Howdy fellow writers! Hope you’re all doing well. We present you with another interview!
If you were to introduce yourself to a group of strangers, what would you say?
I would probably break the ice by giving them a cringeworthy Troy McClure impression (the terrible actor from The Simpsons) listing my work as where they “may remember me from…”. After the laughter ends, I’ll introduce myself properly and go from there.
Tell us what first drew you to writing?
I technically got interested in writing back when I was in elementary school, but it wasn’t until my junior high years, when I first got into writing videogame reviews, that I was drawn to journalism, and to writing as something I could*attempt* to do for a living. I consider my “professional” career in writing to have started in 2006 after I graduated high school , and it has been going strong ever since.
Do dreams inspire your writing ideas?
Not dreams, as in what your mind conjures up when you sleep, but daydreams inspire plenty of my writing. I’ve straight up written fully-realized plots to novels via daydreaming. It helps the time at my dayjob go by, among other things.
Tell us about your current serial work.What prompted you to serialize your story?
GODAN follows the adventures of Gareth Manion, a superhero and gutterpunk with wolf-like abilities who mainly operates out of Chicago. As of this writing, the series consists of four novels—with the fifth novel coming out later this this—and a few short stories. All of the novels are serialized in publications before they are released in book form. Also, in keeping with my interest in comic books and pulps, the series also makes use of characters who are considered within the public domain and/or are open source.
What initially prompted you to serialize this series?
What prompted me to serialize the series is the fact that I just wanted to try something new. I also write literary fiction and poetry, so I’m used to typically just submitting a single piece of work to a publication and hope that it would get accepted. When I first started writing genre fiction—GODAN falls under the Superhero Fiction and New Pulp genres—I was trying to think of something different to do with it. When I was re-reading some history on one of my favorite pulp characters, The Spider, it noted that his stories were serialized in magazines before they came out in book form. I read up on a few others characters who were given the same treatment, I decided it would be a great idea to do the same thing.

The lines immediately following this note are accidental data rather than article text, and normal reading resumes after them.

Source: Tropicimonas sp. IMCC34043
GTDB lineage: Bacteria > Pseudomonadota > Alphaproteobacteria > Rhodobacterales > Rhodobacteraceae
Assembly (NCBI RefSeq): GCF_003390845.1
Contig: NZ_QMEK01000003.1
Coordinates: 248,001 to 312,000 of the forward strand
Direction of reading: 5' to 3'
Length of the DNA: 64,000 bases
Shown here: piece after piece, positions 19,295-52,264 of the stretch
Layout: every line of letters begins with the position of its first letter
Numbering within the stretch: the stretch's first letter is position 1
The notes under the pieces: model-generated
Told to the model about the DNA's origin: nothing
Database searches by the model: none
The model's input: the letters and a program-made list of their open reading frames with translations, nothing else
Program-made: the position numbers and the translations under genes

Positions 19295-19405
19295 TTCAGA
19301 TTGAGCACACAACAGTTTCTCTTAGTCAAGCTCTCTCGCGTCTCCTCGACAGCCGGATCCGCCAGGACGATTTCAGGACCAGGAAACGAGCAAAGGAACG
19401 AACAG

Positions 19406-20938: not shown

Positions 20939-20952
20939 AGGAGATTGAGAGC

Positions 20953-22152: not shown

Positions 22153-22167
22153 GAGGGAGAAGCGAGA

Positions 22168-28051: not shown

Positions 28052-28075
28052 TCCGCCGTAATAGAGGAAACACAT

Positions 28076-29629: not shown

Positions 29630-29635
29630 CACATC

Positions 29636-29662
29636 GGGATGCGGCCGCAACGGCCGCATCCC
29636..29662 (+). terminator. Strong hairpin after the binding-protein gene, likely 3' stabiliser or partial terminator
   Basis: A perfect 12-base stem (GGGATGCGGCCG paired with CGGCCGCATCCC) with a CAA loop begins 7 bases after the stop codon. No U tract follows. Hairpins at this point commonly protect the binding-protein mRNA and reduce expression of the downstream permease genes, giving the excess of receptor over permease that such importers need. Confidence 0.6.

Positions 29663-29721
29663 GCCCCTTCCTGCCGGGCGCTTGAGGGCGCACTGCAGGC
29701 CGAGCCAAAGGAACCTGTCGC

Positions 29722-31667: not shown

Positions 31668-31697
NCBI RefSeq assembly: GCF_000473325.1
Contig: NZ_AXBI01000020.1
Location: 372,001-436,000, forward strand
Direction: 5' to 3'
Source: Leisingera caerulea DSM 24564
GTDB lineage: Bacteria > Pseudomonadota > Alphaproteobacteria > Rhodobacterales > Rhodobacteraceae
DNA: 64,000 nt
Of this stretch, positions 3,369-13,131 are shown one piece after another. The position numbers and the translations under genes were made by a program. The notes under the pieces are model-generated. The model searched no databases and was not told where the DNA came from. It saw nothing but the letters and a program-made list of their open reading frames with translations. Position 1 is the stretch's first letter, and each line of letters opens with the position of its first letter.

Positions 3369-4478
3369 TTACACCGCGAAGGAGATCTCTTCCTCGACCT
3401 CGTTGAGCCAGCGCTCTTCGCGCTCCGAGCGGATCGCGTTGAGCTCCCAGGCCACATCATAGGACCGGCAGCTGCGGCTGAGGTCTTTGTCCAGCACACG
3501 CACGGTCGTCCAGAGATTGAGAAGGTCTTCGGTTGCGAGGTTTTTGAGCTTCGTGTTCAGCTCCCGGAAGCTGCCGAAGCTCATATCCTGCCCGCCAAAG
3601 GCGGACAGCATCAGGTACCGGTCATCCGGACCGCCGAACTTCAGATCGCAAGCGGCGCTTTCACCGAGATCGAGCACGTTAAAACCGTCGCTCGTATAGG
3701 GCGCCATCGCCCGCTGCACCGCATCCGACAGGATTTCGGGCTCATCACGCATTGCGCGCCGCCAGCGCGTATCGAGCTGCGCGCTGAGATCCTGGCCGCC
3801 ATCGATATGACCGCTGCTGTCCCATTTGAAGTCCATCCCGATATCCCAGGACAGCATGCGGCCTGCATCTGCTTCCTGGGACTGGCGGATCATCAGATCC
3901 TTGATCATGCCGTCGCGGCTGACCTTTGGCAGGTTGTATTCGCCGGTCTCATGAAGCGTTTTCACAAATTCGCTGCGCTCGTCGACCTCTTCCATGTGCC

How do you structure each entry?
I write the stories as your typical novel, then I allow the publications I submit them to to structure/break them up however they see fit (i.e. word count). Unlike other writers, I can’t write and publish installments individually, or on a specific schedule (like weekly installments). I discovered, through writing my first novel in the series, that I’m just not comfortable writing in this fashion.
How do you setup the story to ensure the reader comes back for the next entry?
Aside from giving the stories endings that indicate that there is obviously going to be another entry in the series, I do what every writer—no matter what the genre—should do: try their best to create unique characters, good, relatable dialogue, and overall create stories that are interesting.
What kind of reader engagement have you tried? What has worked?
The usual promotional stuff, and I’ve created a Facebook page for the series/character: www.facebook.com/godangraywolf . I’ve been having fun with it—besides GODAN stuff, I also post about comics/superheroes, punk rock, and Chicago—and I’m hoping to have over 100 likes by the end of this year.
What are the greatest challenges to writing serial fiction?
Keeping up with your own series continuity—or at least the thought that I’m NOT keeping up with it. Despite my extensive notes that I refer back to, I always fear that I’ll screw something up–even if it’s just a small reference to a past story–which could possibly turn readers off like retcons can do in comics, or make my writing look sloppy.
What are the greatest benefits to writing serial fiction?
The rush that comes from the fact that I’m getting something published on a regular basis, and the feeling that comes from engaging in a form of publishing that has been done from a variety of past novelists– from your unknown pulp writers to straight-up literary icons (like Fyodor Dostoyevsky)
What do you love/enjoy most about serial fiction?
Overall, I enjoy the benefits and feeling of accomplishment that comes with creating my own Extended Universe.
What would you tell someone about to try writing serial fiction for the first time?
Aside from telling them to not let their worries about writing serial fiction prevent them from starting in the first place, I would advise them to keep notes that they can refer back to at any time (character description, setting notes, etc.). This is especially helpful if the story is particularly long, or they write and publish in installments.
What do you think the future holds for serial fiction?
I honestly don’t know—I just hope that publications, particularly online ones, keep popping up and give me, as well as other serial fiction writers, opportunities to showcase our work.
The two places Garret writes most often.